Jet milling combines turbulent, free jets with high-efficiency centrifugal air classification in a single housing to achieve dense phase micronization. This combination enables for better comminution resulting in a high chance of particle-on-particle contact for breakage and a greater standard of particle dispersion for better separation.
A double flapper valve or an injector is used to feed raw material into the common housing. Flooding the pulverizing zone to a level above the grinding nozzles creates a mill load.
The particles are accelerated for collision and fracture using free-flowing, turbulent jets. The fluid and size-reduced particles exit the bed after impact and ascend to the centrifugal classifier.
The rotor speed determines which sizes pass through the rotor and which are rejected and returned to the particle bed for further size reduction. The high degree of particle dispersion leaving the pulverizing zone aids in the removal of fine particles efficiently.
There are several industries geared toward for Jet milling:
- Automotive and Aerospace
- Additive Manufacturing
- Chemical Industry
- Petrochemical Industry
- Industrial Materials
- Micro Electronic
- Personal and Beauty Care
Quality of material that works best for jet milling.
Jet milling works well with most ceramics, glass, abrasives, minerals, and polymers, particularly those used in 3D printing applications. It is also an excellent process for toners, powder coatings, and other fine powder applications. If you’re unsure whether your particular feed will be a good fit, here are some material properties to consider.
Suitable materials for jet milling
- Materials with a high density
- Abrasive substances
- Materials that abrasion
- Materials with a tendency to break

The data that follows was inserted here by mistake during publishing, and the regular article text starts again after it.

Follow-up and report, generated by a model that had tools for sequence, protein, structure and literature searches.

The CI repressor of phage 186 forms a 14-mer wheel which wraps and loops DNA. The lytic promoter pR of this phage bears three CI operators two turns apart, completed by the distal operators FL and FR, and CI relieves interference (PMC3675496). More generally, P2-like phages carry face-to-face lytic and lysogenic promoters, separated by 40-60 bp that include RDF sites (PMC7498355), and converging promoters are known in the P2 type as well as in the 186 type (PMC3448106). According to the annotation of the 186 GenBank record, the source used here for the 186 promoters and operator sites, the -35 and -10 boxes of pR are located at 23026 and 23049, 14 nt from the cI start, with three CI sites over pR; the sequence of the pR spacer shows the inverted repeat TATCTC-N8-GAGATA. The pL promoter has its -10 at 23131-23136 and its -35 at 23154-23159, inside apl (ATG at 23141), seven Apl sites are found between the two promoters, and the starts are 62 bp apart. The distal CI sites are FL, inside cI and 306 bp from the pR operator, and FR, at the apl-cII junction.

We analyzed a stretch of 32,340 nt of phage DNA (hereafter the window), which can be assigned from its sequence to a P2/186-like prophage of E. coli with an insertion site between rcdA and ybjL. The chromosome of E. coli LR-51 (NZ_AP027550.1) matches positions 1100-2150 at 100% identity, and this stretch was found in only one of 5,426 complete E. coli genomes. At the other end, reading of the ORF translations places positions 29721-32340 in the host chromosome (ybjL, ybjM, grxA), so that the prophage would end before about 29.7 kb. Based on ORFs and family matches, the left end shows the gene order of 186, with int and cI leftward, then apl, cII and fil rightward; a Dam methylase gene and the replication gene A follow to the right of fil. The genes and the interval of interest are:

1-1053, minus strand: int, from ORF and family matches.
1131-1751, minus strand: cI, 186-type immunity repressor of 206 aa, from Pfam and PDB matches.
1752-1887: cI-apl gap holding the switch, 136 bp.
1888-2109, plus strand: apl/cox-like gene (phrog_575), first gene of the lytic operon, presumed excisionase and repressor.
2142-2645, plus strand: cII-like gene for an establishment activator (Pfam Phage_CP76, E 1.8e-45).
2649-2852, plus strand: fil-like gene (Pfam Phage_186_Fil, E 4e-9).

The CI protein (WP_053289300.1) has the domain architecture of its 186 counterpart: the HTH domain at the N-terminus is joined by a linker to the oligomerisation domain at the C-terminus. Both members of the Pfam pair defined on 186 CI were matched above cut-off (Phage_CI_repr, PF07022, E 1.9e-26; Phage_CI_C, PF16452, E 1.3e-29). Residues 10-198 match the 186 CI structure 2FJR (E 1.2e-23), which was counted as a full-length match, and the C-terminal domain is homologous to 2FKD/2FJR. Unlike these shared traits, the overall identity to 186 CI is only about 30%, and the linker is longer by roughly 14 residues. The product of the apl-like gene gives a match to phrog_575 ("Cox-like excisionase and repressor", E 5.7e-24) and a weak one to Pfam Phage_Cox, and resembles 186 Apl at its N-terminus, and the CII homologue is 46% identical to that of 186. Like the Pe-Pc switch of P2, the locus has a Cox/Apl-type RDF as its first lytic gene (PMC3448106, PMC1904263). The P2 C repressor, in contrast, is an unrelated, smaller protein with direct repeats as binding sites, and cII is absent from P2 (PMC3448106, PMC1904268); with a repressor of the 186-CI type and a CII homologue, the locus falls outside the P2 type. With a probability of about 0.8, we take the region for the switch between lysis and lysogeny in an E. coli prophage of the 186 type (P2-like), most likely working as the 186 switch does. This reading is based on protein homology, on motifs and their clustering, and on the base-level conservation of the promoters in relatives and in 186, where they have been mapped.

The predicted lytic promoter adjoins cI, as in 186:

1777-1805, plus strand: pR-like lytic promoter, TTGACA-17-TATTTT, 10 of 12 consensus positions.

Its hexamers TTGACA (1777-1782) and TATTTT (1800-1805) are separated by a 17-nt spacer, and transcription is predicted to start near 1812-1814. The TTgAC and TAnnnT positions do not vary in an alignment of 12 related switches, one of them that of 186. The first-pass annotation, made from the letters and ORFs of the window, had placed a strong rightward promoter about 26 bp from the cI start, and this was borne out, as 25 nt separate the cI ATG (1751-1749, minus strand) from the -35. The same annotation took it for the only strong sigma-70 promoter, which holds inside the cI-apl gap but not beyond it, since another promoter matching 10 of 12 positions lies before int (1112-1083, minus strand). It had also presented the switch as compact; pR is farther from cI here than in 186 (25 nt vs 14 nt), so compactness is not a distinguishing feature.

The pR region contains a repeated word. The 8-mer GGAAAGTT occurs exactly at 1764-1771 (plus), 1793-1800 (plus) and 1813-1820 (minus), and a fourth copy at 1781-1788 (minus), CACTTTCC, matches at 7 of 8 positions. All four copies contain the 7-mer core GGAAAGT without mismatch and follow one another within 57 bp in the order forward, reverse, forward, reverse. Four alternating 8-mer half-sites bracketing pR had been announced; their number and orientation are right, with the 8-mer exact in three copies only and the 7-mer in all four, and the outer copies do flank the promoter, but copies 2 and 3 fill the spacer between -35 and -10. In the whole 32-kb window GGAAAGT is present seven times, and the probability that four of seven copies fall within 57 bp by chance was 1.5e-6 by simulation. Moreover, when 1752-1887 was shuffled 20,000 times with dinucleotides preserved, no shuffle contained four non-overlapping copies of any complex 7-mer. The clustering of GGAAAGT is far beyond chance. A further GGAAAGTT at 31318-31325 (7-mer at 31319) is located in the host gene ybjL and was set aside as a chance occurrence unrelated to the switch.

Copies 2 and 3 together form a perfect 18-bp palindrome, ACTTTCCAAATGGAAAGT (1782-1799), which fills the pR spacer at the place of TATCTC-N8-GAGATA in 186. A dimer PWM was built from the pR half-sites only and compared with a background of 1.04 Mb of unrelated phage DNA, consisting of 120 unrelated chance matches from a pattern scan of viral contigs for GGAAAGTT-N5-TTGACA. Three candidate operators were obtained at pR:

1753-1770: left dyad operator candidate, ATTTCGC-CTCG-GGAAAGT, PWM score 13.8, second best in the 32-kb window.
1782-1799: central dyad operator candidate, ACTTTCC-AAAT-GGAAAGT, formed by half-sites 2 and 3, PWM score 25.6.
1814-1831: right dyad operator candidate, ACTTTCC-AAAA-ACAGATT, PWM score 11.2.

- Material that is easily broken
- Crack-propagating materials that react to impact
Not – suitable materials for jet milling
- Materials that are slightly damp
- Lumpy or tangled up materials
- Stretchy materials
- Materials that are deformed
- Material that is light and/or fluffy
- Impact-absorbing and slow-moving materials
Procedures required in buying jet milling equipment
The steps involved in making a purchase are as follows:
1. Compile preliminary product/material data.
2. Run a test to see if it’s possible and how much throughput you’ll need (recommended)
3. Get a budgetary quote and a purchase order for the first time.
4. Collaborate with our engineers to determine the exact system parameters.
5. Obtain a final quote as well as a purchase order
6. The system is custom-built to meet the specifications.
Benefits of Jet Mill Over Another Milling Method
A Jet mill has the main benefits of grinding a crystalline or crystalline material at an average size of 1 – 10 microns over other types of mills, and at the same time classification into a very small particle size. It is not possible to wear or generate heat in a jet mill, and there are no screens to be plugged or punctured. The cooling effect of the jets prevents attritional heat.
Promas jet mill can be used for a variety of tasks in addition to size reduction. Blending powders is a significant secondary application for jet mills. Two or more streams of material can be fed into the jet mill simultaneously, resulting in a flawless uniform blend at the output. A product can also be coated or blended with another. Liquid additives have been injected under pressure through one or more atomizing spray nozzles into the grinding chamber, the primary grinding air inlet, or the mill exit vortex in some cases. The jet mill can also be used to smooth the sharp edges of particles to help them flow or compress better.